Jazz time-out of the year?

A major international jazz festival right now in Washington D.C.? How odd: Is it the End of Times? Are we fiddlin’ while Rome burns? Or could it be a new beginning? 

Ignore the credit crisis, the vp debates, end-game positioning by the One and the Other, Rosh Hashanah and Eid, Cubs and White Sox both in the playoffs — here’s the under-promoted but highly impressive fourth annual Duke Ellington Jazz Festival, Oct. 1 – 7! Balancing Kennedy Center concerts with “jazz in the ‘hoods”  (club and arts center gigs mostly but not only NW), sophisticated globalism with emerging artists, the best of student and local ensembles (Berklee College of Music Latin Jazz All-Stars at the Duke Ellington School of the Arts) as well as a free Sunday afternoon marathon featuring blues songster Taj Mahal, incomparable pianist McCoy Tyner, hot-hot singer Dee Dee Bridgewater, bravura bassist Christian McBride and trombonist Conrad Herwig’s Latin Side Project on the National Mall . . . If it didn’t take months to organize events on this scale, one might suspect the DEJF is a convenient circus to distract us from uproar, uncertainty, faith-based initiatives and existential dread.


More likely it’s a coincidence (sort of) that a golden opportunity to hear meaningful, spirited contemporary improvisational music in our nation’s typically jazz-challenged capital arrives during a week of such tumult. The diverse and compelling nature of the bookings — whether DC’s dominant political culture can be drawn away from its usual duties/obsessions to notice or not — is much to the credit of artistic director/NEA Jazz Master/Guggenheim composition fellow/2008 Grammy winner/reedist extraordinaire Paquito D’Rivera, who emigrated from Cuba almost 30 years ago already a virtuoso and has consistently extended his accomplishments.

The fest’s sponsors include the legal firm Patton Boggs LLP (“Channel Power to Resolve Disputes”), Sage Communications (“Insight, Wisdom, Results”), Radio One (“the urban media specialist”), the Chrysler Foundation (“with an emphasis on community growth and enrichment”), Target, Chevron, Daimler, Comcast, Bank of America, Mars Inc., Fannie Mae (ooops!), Yamaha, the Government of the District of Columbia and (oh yes) the National Endowment of the Arts. This coalition clearly just wants to share its love of jazz.
Paquito seem to just want to play; he was set to perform “Wapango” with the Turtle Island String Quartet, for whom he wrote it, at the DEJF’s kick-off invitational gala in Cultural Center of the Inter-American Development Bank last night. He’s also doing a master class at George Washington University, performing with the Duke Ellington Orchestra in an NEA Jazz Masters Concert at the Lincoln Theatre, probably makin’ the salsa-meets-jazz jam a bit later the same night at Bohemian Caverns and presenting a free “Vivas Las Americas” concert in honor of the Voice of America with Pan-American born jazz all-stars as the final event, Tuesday Oct. 7. But he’s not the whole show, by a longshot. Other jazz heavyweights and contenders on hand include Sonny Fortune, Monty Alexander, Dana Leong, Winard Harper, Buck Hill, Anat Cohen, Michael Bowie — musicians of style for every taste. Take an evening off, go out, enjoy.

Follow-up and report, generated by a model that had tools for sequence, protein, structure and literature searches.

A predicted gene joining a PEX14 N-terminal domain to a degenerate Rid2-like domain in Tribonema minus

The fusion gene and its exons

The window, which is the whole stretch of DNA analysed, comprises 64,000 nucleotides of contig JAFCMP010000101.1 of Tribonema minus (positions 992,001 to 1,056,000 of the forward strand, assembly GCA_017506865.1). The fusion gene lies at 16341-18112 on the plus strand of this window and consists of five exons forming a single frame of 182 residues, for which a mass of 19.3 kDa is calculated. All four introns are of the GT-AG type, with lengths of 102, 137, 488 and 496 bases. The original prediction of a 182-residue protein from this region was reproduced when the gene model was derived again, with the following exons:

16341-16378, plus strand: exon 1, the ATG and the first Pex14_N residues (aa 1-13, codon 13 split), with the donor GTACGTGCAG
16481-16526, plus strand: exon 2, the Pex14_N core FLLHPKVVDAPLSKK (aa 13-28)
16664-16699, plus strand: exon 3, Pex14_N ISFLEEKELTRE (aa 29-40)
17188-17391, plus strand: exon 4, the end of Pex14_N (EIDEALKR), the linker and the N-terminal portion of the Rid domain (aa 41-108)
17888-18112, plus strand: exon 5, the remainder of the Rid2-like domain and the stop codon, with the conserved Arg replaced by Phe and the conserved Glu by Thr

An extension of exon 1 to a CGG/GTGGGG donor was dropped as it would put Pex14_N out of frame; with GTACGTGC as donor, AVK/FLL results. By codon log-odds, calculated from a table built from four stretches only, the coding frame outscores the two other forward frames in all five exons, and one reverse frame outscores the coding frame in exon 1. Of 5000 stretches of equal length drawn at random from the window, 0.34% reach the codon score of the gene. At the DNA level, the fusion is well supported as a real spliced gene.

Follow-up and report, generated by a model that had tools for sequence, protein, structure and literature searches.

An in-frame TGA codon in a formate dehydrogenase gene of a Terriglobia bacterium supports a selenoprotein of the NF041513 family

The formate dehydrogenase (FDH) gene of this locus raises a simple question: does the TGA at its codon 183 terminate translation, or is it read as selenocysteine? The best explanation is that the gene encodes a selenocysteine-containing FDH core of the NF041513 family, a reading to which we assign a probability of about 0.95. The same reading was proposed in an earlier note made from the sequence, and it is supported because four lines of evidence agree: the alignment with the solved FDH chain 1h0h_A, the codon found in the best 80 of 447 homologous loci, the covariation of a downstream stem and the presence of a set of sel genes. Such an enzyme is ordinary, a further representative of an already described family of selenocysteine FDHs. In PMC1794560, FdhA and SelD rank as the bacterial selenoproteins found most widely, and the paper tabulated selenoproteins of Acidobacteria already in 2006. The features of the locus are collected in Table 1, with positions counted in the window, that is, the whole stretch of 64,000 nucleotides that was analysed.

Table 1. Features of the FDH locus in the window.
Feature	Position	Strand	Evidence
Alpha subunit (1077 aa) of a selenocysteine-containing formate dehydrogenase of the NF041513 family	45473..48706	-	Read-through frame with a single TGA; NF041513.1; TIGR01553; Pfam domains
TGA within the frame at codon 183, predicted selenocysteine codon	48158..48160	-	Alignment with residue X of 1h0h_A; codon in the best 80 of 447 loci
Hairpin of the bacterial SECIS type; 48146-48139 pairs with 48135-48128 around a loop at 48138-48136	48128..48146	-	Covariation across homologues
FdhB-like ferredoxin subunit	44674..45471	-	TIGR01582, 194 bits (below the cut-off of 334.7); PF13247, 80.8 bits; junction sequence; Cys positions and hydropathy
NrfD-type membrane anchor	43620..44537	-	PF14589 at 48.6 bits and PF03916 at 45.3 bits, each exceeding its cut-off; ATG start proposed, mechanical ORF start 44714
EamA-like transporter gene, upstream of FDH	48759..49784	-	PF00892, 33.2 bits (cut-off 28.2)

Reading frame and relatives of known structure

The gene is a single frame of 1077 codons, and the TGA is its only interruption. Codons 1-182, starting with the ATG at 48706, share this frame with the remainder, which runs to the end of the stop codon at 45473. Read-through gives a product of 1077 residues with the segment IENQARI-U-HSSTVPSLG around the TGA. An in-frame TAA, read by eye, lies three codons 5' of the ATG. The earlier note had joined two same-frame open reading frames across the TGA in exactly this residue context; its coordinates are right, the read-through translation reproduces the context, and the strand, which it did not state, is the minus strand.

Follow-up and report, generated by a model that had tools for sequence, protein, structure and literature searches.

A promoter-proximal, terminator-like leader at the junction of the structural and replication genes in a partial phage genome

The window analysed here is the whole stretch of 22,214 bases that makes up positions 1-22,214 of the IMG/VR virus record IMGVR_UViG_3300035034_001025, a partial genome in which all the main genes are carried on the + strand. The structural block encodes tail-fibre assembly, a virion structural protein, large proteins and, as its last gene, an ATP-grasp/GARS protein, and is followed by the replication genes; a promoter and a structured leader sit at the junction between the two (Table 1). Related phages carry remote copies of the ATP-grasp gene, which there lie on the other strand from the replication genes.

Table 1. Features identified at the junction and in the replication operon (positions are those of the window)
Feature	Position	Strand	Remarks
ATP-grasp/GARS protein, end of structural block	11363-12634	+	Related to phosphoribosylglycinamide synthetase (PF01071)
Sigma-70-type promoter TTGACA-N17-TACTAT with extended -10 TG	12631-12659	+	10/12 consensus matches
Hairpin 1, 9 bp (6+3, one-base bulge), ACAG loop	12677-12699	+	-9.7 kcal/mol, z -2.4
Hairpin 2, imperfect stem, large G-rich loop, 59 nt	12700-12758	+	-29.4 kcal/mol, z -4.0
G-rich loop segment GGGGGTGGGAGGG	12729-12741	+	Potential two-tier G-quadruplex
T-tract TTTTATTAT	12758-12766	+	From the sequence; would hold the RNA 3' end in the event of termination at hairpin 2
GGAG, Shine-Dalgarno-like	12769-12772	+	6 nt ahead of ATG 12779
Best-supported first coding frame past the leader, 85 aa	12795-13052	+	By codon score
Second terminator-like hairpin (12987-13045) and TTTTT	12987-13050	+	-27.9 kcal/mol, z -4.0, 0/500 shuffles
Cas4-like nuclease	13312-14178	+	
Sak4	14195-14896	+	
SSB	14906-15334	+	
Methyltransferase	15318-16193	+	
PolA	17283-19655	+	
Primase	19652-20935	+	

That’s what I’ll do in NYC on Thursday night, missing the real-time broadcast of the tv sideshow starring Ms. Palin and Mr. Biden (I’ll catch it later) in order to hear live new music by pianist Myra Melford with reedist Matana Roberts, guitarist Mary Halvorson and percussionist Harris Eisenstadt  on a double bill at Roulette with reedist-composer Henry Threadgill’s band Zooid and Talujon Percussion, a quartet. In another instance of too much rare good stuff happening than I can probably get to in one week, Austin-based singer-improviser Tina Marsh and saxophonist-composer Alex Coke with the Creative Opportunity Orchestra are at Roulette Oct. 4. Rather than simply diverting attention from the news-of-the-moment, the music by these three ensembles is sure to be complicated, previously unheard, and insistent on focusing listeners on what’s going down. Our’ satisfactions will come from our participation, our working to make sense of what we hear, and is sweeter for our understanding being earned. This kind of listening mirrors the sort of interaction that’s typically necessary for new and promising beginnings.

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